The earliest Christian theologians after the New Testament writers, from Clement I of Rome (died 99 BC) through Origen (184-254), Basil of Caesarea/the Great (329-379), and Augustine (354-430) focused more on spiritual issues than exploring and describing the natural world.
Think about their context. They were Christian leaders, teachers, and apologists at a time when Christianity was, at worst, a brutally persecuted minority religion and, at best, just becoming formalized. Essential doctrines were just being established in a context of persecution, competing worldviews, a plethora of other religions, and barbarian invasions. The first centuries of the Christian church were a time when differences with other religions (including Judaism) were bring delineated, heresies were being challenged, orthodox doctrine codified, church order was being established – and Christians were struggling to survive.
In keeping with the 1st century Jewish philosopher, Philo, most early Christian writers viewed passages like Genesis 1-2 as having deep, allegorical, theological meaning. They were not understood as “scientific” (as we would use the word today) accounts of either the creation of the world or of natural phenomena in the world.
For instance, they believed seven days mentioned in Genesis provided a literary structure emphasizing a perfect number and demonstrate the profound order within creation. They believed God actually created everything instantaneously. For Philo, Augustine, and others, to argue that God created the Earth over 6 24 hour periods was to challenge His omnipotence. In their high view of God, it was more honouring to believe God created instantaneously than to believe He took several days to do so.
I will briefly touch on a few of the more interesting early church leaders:
Macrina the Younger (330-379)
Macrina was the older sister of two of the early church’s great leaders, Gregory of Nyssa and Basil the Great. Gregory of Nyssa composed a dialogue “On the Soul and Resurrection” in which he describes a fascinating conversation he had with Macrina on her deathbed. Macrina seeks to prove the eternal existence of a person’s “mind” beyond the physical body by appealing to careful observations about the phases of the moon (our mind is able to know the moon is always a sphere even though it appears to shrink and expand), and she has a long discourse about experimenting with a jar of air in water to demonstrate the power of human thought. Contemporary scientists David Hutchings and Tom McLeish comment, “We have observation, theory, experiment, and even the notion of ‘seeing with the mind what the eye cannot – all in the fourth century AD.”
Augustine of Hippo (354-430)
Although Augustine has little specifically to say about the natural world or natural processes without allegorizing digressions, he does write extensively with the book of Genesis. Genesis is one of the texts most often debated in modern science and faith discussions. Augustine’s primary purpose is to defend orthodox Christianity against heretics, not to expound on natural theology or “science.” To that end, he emphasizes God is both the transcendent Creator and immanent Sustainer of the universe: “It is the creator’s power, after all, and the virtuosity, the skill and tenacity of the almighty, that causes every created thing to subsist. If this tenacious virtuosity ceased for one moment to rule and direct the things that have been created, their various species would at once cease to exist and every nature would collapse into nothingness. It is not, you see, like a mason building houses; when he has finished he goes anyway, and his work goes on standing when he has stopped … No, the world will not be able to go on standing for a single moment if God withdraws form it his controlling hand.”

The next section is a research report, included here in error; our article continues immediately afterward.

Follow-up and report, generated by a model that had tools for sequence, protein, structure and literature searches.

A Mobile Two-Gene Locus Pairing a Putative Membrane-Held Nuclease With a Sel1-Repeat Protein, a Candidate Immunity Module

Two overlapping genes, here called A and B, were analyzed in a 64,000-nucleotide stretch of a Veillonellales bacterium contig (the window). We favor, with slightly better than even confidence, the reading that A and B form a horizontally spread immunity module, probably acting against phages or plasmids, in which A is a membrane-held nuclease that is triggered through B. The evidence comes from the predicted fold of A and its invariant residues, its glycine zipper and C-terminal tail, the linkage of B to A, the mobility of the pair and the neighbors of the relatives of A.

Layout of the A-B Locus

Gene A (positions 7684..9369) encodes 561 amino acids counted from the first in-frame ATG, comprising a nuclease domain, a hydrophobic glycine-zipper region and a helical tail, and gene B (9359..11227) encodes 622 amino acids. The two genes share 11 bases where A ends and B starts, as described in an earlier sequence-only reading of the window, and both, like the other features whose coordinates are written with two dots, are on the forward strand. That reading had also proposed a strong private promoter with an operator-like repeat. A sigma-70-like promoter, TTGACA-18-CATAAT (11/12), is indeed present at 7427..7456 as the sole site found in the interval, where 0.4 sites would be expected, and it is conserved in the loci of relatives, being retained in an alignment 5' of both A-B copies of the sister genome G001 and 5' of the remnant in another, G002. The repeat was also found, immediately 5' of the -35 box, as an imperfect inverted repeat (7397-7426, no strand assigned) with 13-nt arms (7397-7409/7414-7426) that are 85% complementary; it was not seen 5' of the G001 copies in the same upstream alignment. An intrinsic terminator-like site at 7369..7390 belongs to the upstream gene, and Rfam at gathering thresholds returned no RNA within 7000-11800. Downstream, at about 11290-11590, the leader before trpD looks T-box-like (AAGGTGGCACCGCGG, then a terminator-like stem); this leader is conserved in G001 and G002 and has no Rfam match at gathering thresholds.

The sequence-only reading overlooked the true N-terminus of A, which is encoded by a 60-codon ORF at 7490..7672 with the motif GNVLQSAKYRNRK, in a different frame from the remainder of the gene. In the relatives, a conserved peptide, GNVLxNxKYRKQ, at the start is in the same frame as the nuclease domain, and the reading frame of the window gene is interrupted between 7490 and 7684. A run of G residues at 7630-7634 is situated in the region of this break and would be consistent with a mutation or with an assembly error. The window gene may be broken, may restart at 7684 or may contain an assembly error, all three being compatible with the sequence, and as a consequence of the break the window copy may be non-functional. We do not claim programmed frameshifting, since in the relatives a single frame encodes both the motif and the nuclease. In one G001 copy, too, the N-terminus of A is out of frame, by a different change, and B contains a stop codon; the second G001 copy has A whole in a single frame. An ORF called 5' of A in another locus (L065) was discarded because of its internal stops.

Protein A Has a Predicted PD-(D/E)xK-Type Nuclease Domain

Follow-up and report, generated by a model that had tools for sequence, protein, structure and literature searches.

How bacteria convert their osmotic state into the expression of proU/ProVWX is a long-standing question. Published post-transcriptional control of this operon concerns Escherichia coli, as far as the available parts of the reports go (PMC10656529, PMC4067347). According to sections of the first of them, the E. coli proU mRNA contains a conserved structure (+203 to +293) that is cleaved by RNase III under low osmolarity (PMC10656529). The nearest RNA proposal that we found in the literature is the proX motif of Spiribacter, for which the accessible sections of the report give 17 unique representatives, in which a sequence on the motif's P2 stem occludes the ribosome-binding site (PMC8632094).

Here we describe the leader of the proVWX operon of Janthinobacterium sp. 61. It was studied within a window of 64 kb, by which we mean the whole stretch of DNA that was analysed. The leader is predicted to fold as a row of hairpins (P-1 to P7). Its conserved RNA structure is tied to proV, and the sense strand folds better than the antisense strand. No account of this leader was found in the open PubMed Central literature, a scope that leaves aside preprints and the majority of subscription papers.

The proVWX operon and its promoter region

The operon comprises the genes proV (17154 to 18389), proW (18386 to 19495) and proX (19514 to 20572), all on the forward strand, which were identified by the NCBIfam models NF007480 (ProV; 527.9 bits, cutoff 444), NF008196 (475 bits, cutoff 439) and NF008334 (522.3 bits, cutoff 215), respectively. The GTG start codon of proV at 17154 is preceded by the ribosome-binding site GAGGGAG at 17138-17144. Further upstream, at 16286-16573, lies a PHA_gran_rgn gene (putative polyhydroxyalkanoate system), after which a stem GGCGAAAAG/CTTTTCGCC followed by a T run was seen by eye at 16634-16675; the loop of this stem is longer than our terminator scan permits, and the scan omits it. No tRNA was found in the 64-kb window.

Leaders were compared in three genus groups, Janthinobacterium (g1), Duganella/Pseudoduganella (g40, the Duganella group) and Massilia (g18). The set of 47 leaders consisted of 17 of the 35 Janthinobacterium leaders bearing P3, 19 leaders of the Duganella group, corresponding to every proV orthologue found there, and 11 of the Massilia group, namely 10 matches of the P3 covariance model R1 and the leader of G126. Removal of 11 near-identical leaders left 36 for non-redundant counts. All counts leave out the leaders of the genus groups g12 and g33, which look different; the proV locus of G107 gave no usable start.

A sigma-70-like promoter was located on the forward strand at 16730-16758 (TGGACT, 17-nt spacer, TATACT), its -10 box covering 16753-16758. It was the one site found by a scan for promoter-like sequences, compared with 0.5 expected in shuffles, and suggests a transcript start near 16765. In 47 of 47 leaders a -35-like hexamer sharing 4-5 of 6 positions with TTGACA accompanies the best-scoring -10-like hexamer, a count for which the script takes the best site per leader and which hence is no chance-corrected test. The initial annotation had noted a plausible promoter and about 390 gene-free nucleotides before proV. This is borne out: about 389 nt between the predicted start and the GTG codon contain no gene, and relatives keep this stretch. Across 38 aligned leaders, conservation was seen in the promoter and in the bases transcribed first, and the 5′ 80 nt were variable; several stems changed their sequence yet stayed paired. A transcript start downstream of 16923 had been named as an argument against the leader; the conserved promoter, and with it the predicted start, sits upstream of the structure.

Augustine explicitly held Scripture as the ultimate authority. However he emphasized that human interpretations of it – including human interpretations of Genesis – can be fallible and problematic. He argued for a humility in our attempts to understand specific texts. In his Commentary on Genesis, he writes: “Usually, even a non-Christian knows something about the earth, the heavens, and the other elements of this world, about the motion and orbit of the stars and even their size and relative positions, about the predictable eclipses of the sun and moon, the cycles of the years and the seasons, about the kinds of animals, shrubs, stones, and so forth … Now, it is a disgraceful and dangerous thing for a non-Christian to hear a Christian, presumably giving the meaning of Holy Scripture, talking nonsense on these topics; and we should take all means to prevent such an embarrassing situation, in which people show up vast ignorance in a Christian and laugh it to scorn. The shame is not so much that an ignorant individual is derided, but that people outside the household of faith think our sacred writers held such opinions, and, to the great loss of those for whose salvation we toil, the writers of our Scripture are criticized and rejected as unlearned men.